The problem with all of these proposed solutions, is that there is no out of the box support for them in DBIx::Class::Schema::Versioned or any of the alternatives that I can find. It would be necessary to spend time on developing a custom solution to manage schema upgrades.

Can the monastery suggest a way forward. Have you solved a similar problem yourself, if so how? Is there another module out there for maintaining database schema versions that solves this more elegantly?

Comment on Versioned database schema git conflicts.
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Re: Versioned database schema git conflicts.
by Bloodnok (Vicar) on Apr 02, 2014 at 14:06 UTC
    In my experience, it's very rarely a good idea to use dates &/or version identifiers in the names of version controlled files.

    For myself, I'd use common file names for install & remove script pairs e.g. install_update.sql & remove_update.sql and then use the traditional method of continuous integration check-in whereby you rebase your repo to the current master (thus merging changes in the context of your repo) before pushing the result back up to the master. If absolutely necessary, the DB version can be recorded by means of the check-in comments - which using repo hooks, can/could be automated.

    A user level that continues to overstate my experience :-))
Re: Versioned database schema git conflicts.
by Rhandom (Curate) on Apr 02, 2014 at 14:22 UTC
    Your layout seems somewhat similar to the layout we use at our company. Historically we have used files similar to updates/${table}_${rev_from}_to_${rev_to}.sql to make our updates. Our update process has also allowed for files of the form updates/${table}_${md5_from}_to_${md5_to}.sql .

    However, after getting tired of renaming those tables and having left over schema lying around, we have now opted for a second more compact way of doing things. For our schema we now can have up to 3 files for a table definition:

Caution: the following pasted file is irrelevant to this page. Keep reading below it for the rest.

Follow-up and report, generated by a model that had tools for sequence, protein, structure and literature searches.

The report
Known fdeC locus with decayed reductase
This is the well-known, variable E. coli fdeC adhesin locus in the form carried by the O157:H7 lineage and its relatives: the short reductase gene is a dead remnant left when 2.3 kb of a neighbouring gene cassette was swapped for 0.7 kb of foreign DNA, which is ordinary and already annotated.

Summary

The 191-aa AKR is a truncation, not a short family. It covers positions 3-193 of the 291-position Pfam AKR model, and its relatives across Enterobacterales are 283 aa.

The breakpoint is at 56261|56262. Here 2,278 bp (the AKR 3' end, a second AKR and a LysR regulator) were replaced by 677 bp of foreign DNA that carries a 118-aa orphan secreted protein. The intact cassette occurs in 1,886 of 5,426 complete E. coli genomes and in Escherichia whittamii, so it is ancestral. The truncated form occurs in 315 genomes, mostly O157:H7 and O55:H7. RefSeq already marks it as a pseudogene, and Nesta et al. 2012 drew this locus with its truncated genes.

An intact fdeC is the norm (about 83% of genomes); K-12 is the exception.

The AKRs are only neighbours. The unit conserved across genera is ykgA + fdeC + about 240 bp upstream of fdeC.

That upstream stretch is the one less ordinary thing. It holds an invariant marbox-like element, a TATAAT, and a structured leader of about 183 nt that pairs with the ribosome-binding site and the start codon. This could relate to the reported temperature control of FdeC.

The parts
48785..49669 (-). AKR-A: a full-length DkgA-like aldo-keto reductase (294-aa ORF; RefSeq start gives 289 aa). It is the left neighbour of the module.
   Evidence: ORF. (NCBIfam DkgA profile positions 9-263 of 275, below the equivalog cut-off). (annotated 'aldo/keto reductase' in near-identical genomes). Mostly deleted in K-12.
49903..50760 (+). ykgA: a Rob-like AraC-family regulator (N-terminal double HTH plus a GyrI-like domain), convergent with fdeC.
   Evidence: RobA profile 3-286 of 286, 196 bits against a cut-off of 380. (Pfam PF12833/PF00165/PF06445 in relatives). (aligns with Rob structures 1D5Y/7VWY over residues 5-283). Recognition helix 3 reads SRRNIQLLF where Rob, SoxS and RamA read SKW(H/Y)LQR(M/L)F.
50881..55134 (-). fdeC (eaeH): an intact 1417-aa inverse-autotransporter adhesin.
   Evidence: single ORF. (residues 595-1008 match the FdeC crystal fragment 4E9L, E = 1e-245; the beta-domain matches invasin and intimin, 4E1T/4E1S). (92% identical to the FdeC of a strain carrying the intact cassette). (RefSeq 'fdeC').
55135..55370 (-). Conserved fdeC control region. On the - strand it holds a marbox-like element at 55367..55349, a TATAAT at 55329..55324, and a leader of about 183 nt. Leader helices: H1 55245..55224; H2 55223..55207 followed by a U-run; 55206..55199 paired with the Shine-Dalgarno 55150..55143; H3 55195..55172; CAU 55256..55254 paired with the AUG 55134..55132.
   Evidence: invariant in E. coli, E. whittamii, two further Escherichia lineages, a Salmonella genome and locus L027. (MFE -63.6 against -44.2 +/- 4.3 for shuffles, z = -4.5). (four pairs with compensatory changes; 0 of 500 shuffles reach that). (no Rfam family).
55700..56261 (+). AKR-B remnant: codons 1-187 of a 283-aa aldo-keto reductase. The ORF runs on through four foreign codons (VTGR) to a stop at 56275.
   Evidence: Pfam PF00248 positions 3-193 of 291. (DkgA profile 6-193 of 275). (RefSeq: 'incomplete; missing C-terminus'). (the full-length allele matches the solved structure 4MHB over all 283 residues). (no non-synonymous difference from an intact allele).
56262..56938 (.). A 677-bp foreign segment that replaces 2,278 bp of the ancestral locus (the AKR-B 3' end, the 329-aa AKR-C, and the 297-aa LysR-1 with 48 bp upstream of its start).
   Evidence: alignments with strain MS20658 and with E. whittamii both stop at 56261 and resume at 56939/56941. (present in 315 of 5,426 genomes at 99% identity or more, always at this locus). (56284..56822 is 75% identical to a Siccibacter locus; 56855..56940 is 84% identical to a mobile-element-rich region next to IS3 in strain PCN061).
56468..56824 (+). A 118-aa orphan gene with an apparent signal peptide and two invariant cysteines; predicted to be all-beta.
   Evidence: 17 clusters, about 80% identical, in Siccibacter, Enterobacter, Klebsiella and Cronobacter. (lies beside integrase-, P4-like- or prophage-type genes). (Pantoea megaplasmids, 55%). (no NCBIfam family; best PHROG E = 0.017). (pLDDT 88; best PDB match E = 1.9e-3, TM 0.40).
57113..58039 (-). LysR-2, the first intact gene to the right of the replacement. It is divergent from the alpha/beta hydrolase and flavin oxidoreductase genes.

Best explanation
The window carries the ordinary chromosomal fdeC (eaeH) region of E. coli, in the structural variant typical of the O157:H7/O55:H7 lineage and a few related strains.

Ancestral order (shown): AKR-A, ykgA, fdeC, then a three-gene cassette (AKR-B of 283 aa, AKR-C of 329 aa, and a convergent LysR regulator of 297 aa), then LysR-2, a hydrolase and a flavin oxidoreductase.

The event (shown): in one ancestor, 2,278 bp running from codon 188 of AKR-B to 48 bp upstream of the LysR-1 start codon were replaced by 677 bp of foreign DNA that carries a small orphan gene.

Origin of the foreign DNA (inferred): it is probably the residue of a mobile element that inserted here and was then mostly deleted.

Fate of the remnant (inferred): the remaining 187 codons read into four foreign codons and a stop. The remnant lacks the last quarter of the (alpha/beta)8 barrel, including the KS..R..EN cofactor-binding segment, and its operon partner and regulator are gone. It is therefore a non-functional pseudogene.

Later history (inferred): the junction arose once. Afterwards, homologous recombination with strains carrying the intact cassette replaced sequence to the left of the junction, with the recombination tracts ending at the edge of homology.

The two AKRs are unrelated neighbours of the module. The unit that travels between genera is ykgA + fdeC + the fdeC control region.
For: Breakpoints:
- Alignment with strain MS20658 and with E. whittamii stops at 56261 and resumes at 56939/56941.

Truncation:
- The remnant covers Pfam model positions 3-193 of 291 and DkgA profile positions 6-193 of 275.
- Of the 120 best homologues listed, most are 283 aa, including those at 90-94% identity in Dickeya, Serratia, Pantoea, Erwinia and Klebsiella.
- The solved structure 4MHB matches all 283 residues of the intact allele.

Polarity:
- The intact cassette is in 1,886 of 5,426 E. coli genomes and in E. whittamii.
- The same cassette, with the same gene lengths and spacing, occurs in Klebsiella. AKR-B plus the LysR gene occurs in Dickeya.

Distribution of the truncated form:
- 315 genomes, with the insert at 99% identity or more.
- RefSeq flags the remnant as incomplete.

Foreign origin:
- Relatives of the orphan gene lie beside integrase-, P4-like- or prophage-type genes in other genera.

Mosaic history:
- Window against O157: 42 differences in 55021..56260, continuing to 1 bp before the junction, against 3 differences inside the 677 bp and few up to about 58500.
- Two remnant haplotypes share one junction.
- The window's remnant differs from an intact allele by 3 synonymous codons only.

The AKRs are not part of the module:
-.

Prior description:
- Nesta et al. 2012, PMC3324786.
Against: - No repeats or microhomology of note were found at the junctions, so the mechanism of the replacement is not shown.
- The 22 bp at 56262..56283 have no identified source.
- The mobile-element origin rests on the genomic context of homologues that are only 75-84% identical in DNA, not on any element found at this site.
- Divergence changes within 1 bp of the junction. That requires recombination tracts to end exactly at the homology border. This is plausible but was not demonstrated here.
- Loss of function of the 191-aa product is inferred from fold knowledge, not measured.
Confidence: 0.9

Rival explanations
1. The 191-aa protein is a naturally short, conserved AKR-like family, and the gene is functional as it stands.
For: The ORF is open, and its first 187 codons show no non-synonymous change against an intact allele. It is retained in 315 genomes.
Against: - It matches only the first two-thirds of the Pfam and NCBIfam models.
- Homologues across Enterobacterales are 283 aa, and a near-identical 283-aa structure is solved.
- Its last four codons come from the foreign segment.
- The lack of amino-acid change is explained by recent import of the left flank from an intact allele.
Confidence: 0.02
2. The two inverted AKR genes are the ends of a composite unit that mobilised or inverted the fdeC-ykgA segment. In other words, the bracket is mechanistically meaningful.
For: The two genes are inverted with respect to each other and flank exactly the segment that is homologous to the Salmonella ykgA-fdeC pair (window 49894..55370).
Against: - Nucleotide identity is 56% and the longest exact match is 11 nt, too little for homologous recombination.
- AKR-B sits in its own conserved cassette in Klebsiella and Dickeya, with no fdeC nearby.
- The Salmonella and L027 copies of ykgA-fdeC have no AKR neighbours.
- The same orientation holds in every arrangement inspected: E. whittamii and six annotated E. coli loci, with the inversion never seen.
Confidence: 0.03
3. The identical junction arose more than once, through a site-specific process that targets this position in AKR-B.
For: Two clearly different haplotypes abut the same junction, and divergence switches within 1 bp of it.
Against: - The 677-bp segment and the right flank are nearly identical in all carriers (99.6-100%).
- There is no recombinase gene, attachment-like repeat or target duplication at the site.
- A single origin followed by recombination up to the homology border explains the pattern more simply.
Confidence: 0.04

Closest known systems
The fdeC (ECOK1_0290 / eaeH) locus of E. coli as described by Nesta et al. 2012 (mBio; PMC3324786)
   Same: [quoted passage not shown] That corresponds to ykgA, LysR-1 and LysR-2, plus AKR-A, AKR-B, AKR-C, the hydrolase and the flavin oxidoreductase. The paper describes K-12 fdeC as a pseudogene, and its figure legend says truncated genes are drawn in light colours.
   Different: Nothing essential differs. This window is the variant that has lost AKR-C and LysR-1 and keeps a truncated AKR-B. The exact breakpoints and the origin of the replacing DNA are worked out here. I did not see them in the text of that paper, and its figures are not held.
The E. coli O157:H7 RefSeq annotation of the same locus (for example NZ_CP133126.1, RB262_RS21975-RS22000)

schema/$table.sql
    schema/$table.inserts
    schema/$table.updates
    


    The $table.sql file contains the correct creation schema including extents and engine information. If using DBIx::Class::Schema::Versioned I'm sure this would likely be closer to a YAML file definition.

    The $table.inserts file contains initial data for tables that require fixed data.

    The $table.updates file replaces the updates/$table_... files. Inside of $table.updates there are sections that look like this:

    ------- BEGIN $sha1_from -> $sha1_to ----- # (vc rev and/or project #) ALTER TABLE `$table` MODIFY ...; ------- END -----


    Parsing of this file is fast. It is easy to take the existing table definition active in the db, and then find all of the different ways it can be morphed into new schema based simply on the sha1s of the source and destination.

    New definitions normally go at the top of this file. Older defintions can slowly be culled from the bottom when all known schema installations have upgraded past a certain point (or just leave them there - it will be fast until you get past a couple hundred revisions).

    my @a=qw(random brilliant braindead); print $a[rand(@a)];
Re: Versioned database schema git conflicts.
by stonecolddevin (Vicar) on Apr 02, 2014 at 18:40 UTC

    Have you looked at sqitch?

    Three thousand years of beautiful tradition, from Moses to Sandy Koufax, you're god damn right I'm living in the fucking past

      I had not looked at sqitch, but I will now.

      Thank you very much.